Sebastian Vettel says he doesn't understand the thinking behind Formula 1's plan to trial a Saturday afternoon sprint race, insisting the idea is a mere "patch" that "makes no sense".
F1 boss Stefano Domenicali tabled the idea of replacing qualifying with a short 100km race that would define grid positions on race day.
The concept which could be trialed this season at three races as received broad support from F1's teams although competitors have requested more information before casting a formal vote on the initiative.
Mercedes F1 boss Toto Wolff believes that teams should keep an open mind and at least experiment with the idea. But Vettel begs to differ, insisting the sprint race concept is just a way of "shifting the focus from the real problem".
"I don’t know what’s the thinking behind it. I don’t like it," said the four-time world champion during Aston Martin's team presentation on Wednesday.
"Why would you have a pre-final to a final? What’s the point of that? I don’t understand it.
"Obviously, if there is a race on Saturday then I will have to take part because I still want to drive on Sunday but from my point of view it makes no sense.
"You have the grand prix and it’s always been run 300km and the main challenge of the weekend.
"I think if you have to introduce something like this then there’s something else you need to fix rather than the format – another race, or Q4 or Q5 or whatever it is.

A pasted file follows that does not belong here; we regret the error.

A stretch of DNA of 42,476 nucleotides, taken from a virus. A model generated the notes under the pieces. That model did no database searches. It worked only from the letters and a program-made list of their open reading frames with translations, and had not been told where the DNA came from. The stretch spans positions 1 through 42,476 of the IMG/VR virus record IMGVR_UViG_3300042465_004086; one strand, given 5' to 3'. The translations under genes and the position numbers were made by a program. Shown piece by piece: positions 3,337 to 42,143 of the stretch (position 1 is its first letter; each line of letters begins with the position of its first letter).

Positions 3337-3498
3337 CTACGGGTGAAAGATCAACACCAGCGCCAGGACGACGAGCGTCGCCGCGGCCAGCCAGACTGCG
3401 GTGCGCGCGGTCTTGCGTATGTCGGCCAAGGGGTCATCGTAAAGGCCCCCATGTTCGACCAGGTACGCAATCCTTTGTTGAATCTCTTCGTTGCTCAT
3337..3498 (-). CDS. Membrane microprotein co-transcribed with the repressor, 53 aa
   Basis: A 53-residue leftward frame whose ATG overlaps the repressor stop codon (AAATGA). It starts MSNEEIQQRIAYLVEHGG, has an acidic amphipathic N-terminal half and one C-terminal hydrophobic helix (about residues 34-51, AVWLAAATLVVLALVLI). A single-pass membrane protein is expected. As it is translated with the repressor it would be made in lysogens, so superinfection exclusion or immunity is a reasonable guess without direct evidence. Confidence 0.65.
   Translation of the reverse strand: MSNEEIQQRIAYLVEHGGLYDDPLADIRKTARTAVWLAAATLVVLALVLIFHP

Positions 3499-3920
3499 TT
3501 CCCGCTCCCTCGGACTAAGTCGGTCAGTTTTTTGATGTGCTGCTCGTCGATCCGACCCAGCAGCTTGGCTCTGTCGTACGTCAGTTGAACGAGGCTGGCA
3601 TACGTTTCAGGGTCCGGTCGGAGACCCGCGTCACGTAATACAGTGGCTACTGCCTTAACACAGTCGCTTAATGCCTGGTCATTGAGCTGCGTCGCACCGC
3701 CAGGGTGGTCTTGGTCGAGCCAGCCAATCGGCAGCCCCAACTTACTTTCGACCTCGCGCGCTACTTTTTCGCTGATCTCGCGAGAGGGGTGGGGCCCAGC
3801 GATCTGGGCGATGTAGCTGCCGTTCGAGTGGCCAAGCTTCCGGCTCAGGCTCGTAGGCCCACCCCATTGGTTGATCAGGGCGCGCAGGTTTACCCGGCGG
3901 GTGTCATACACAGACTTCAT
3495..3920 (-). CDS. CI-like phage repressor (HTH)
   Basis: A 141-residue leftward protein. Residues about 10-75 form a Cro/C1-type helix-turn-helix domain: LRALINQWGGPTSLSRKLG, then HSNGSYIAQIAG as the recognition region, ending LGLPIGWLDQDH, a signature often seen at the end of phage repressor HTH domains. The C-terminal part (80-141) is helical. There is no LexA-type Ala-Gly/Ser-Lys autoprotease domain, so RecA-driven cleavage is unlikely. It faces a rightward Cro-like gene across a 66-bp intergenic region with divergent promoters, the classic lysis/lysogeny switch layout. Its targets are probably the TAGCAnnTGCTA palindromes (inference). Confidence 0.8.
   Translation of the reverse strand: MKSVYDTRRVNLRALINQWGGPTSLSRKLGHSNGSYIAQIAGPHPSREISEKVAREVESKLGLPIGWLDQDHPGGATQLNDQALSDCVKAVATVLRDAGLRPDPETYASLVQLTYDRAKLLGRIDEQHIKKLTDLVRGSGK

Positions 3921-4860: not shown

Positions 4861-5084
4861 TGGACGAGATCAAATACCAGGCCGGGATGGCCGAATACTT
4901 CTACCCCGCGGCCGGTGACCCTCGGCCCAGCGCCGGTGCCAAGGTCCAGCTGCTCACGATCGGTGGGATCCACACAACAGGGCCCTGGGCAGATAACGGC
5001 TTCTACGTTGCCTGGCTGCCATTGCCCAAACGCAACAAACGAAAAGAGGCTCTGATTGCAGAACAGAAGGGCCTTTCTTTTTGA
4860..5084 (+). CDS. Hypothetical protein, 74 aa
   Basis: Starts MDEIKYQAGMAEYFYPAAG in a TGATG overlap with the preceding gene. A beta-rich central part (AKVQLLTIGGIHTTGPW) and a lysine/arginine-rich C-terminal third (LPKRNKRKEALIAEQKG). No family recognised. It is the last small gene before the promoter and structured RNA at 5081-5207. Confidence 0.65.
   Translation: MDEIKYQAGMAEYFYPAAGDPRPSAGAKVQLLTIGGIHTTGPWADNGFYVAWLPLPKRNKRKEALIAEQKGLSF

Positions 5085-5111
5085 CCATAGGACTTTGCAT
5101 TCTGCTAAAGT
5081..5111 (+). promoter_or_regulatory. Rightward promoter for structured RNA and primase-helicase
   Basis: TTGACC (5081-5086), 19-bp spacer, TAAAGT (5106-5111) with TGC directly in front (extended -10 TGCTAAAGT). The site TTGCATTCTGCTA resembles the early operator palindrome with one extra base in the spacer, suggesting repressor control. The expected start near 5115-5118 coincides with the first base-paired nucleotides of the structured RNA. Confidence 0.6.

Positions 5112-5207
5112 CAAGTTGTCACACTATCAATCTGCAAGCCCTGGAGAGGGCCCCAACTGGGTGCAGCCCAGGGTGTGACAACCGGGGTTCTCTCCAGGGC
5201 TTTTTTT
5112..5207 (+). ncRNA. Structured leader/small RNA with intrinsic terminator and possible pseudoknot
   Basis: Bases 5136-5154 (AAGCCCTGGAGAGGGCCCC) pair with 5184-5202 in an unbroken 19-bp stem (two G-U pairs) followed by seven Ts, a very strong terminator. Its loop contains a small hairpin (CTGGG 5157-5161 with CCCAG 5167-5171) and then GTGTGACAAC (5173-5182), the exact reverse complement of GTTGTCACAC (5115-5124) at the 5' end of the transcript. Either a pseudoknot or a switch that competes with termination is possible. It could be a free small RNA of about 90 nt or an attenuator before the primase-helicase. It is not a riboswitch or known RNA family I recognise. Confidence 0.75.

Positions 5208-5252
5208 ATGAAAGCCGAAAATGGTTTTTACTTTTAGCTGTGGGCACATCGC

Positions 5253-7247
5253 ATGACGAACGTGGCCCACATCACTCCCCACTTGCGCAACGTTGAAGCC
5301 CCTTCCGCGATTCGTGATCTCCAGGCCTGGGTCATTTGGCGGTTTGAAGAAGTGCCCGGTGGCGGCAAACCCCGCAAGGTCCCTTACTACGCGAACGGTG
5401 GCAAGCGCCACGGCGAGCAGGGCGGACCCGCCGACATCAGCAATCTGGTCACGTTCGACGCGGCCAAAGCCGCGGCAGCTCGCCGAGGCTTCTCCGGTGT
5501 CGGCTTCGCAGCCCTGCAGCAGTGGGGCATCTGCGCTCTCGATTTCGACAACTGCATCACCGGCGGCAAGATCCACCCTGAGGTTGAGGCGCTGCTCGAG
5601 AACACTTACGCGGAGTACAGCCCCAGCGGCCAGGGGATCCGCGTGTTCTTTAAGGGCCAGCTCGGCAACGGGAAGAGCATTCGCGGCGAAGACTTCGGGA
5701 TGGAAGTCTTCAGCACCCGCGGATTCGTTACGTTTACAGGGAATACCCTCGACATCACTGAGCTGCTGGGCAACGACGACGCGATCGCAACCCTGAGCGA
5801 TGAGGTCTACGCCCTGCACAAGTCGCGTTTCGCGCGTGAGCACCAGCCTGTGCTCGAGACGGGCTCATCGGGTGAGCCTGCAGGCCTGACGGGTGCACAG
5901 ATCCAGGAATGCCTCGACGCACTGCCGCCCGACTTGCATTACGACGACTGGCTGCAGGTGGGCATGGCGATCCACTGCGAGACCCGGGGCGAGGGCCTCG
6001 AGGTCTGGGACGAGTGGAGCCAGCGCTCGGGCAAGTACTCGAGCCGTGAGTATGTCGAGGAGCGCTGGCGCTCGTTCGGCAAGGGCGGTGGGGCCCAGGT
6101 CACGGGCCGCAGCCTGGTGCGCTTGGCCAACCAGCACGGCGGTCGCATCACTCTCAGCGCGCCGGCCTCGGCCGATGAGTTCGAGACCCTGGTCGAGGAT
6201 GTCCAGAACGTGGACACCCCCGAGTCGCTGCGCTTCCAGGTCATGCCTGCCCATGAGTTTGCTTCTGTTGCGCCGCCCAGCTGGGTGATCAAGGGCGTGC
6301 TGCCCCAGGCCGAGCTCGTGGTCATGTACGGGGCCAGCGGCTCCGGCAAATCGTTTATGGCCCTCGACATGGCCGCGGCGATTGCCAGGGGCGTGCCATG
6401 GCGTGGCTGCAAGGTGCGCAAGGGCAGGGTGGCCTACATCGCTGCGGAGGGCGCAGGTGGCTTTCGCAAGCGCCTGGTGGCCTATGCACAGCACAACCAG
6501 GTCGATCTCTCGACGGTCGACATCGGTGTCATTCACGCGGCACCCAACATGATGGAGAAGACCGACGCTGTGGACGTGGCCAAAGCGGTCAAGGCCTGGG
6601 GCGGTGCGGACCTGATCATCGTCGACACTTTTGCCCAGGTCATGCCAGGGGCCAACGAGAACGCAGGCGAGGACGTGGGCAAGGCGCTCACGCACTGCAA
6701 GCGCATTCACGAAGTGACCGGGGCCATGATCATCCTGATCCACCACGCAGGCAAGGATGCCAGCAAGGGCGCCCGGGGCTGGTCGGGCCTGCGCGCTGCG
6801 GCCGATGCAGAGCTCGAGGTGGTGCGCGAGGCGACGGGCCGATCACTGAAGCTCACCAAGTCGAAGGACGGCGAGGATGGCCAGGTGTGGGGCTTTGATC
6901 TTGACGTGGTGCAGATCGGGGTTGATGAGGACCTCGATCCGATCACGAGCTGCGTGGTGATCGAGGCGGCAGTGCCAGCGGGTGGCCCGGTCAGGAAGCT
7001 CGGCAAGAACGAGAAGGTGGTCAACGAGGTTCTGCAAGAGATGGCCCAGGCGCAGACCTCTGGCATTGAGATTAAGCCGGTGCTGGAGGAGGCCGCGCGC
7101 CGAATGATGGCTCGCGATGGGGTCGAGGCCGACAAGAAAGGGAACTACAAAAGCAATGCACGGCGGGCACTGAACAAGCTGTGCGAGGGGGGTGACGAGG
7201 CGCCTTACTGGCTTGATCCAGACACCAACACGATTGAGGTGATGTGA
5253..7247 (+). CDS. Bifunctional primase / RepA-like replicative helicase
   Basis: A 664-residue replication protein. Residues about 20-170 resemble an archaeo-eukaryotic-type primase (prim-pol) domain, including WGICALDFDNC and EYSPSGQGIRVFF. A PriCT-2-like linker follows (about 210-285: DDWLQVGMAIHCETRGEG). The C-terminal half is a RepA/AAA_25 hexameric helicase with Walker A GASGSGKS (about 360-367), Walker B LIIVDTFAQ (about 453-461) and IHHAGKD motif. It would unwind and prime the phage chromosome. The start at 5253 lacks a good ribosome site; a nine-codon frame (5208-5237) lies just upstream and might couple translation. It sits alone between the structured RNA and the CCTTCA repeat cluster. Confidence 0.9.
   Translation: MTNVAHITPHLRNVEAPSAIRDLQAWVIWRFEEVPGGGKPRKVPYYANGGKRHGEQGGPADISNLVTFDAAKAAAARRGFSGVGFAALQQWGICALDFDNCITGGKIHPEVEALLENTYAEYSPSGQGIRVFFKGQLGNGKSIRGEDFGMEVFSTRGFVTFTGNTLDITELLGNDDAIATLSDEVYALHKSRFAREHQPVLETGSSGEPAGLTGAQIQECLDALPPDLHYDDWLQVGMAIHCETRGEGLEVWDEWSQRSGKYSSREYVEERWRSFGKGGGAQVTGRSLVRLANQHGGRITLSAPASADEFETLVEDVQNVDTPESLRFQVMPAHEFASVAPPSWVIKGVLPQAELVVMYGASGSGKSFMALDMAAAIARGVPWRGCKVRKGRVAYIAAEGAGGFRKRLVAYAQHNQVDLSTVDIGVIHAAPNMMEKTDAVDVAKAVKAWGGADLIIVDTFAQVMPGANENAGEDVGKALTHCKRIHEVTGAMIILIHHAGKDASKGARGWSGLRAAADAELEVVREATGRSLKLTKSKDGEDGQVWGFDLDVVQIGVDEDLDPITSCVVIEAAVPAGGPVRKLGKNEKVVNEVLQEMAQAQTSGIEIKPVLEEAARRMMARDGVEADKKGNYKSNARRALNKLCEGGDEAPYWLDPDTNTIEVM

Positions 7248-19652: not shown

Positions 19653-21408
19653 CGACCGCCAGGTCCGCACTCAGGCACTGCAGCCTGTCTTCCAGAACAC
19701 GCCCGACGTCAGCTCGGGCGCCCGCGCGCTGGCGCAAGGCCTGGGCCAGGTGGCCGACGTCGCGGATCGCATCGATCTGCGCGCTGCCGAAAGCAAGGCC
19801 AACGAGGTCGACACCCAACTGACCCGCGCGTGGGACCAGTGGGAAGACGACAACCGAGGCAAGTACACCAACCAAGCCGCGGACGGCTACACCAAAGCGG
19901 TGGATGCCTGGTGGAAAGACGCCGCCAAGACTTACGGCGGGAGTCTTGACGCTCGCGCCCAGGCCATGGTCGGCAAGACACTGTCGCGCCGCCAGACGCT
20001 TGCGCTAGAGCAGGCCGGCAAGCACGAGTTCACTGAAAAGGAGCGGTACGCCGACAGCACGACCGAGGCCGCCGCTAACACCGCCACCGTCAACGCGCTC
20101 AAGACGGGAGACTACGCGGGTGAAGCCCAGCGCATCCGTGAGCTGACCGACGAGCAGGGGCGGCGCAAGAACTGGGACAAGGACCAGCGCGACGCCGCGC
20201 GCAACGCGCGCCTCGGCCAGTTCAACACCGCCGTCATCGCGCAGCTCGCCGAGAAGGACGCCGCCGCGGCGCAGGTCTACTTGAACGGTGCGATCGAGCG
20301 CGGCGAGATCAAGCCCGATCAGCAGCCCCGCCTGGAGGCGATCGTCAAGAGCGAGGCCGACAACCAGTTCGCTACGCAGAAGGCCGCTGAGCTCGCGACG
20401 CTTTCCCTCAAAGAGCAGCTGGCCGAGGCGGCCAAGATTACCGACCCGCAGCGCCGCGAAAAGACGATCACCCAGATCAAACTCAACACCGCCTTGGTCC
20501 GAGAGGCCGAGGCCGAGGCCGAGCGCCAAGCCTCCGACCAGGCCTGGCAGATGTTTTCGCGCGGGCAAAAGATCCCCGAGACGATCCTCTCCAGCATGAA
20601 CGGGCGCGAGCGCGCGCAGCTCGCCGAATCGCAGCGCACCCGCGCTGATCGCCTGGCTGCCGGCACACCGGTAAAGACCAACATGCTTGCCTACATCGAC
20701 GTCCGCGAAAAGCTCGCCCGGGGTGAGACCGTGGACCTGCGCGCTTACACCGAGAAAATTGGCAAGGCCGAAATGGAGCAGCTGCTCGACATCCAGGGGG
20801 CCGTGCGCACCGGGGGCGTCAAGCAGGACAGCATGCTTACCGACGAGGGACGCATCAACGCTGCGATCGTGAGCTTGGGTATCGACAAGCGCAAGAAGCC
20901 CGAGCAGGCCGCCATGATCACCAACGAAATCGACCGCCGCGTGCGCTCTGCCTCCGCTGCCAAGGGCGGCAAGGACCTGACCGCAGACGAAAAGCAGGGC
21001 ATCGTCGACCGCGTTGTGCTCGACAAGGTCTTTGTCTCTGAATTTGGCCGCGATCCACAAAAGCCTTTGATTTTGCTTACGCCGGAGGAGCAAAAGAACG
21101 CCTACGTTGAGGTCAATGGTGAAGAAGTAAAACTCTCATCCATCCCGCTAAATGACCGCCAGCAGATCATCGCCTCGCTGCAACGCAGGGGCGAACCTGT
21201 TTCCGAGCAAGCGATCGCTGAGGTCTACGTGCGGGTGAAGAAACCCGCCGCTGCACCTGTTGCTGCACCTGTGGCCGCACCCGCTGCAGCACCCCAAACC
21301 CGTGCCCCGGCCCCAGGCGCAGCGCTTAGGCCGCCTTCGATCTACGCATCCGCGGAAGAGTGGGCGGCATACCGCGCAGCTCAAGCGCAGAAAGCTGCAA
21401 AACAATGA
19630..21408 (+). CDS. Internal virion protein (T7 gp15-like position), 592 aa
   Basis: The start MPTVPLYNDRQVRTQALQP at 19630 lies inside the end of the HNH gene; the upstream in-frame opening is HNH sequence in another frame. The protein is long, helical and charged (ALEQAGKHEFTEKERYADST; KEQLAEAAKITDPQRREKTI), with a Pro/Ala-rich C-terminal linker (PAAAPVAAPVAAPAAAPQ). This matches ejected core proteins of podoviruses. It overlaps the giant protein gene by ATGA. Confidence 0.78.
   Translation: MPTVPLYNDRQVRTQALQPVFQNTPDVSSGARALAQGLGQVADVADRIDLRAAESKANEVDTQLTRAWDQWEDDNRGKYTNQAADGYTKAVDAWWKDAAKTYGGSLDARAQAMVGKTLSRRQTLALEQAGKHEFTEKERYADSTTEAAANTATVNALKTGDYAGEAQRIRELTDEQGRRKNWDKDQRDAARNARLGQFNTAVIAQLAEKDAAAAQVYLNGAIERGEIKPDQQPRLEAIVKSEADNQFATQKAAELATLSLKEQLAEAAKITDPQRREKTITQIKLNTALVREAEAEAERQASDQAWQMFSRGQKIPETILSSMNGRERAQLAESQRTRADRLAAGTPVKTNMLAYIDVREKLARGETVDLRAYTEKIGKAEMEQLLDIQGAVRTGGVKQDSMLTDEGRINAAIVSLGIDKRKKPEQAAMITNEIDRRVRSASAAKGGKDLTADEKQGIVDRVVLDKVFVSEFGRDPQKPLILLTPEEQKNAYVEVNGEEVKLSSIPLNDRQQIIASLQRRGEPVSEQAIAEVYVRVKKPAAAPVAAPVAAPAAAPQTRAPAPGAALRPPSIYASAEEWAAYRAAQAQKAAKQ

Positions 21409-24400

"It’s shifting or taking the focus away from the real problem. It’s more of a patch rather than really a fix."
Vettel's Aston teammate Lance Stroll appeared open to the idea but agreed that F1 had bigger "fundamental issues" to address.
"I think there’s bigger fundamental issues that the sport has to address" said the Canadian.
"It could be great, I’m not against the idea, it’s not ridiculous. But it’s one of those things, like every regulation or format change, it’s always a question mark until we try it, to see how it impacts the sport.
"For me it’s more about getting the grid more competitive, getting the teams closer together – giving us the opportunity, both aerodynamically and with the tyres, to be able to fight closer, wheel-to-wheel, and fight harder together.
"We can’t do that with the loss of aerodynamic load behind the car, and the tyres have so much thermal sensitivity, that we drop out of the tyre temperature window and lose grip."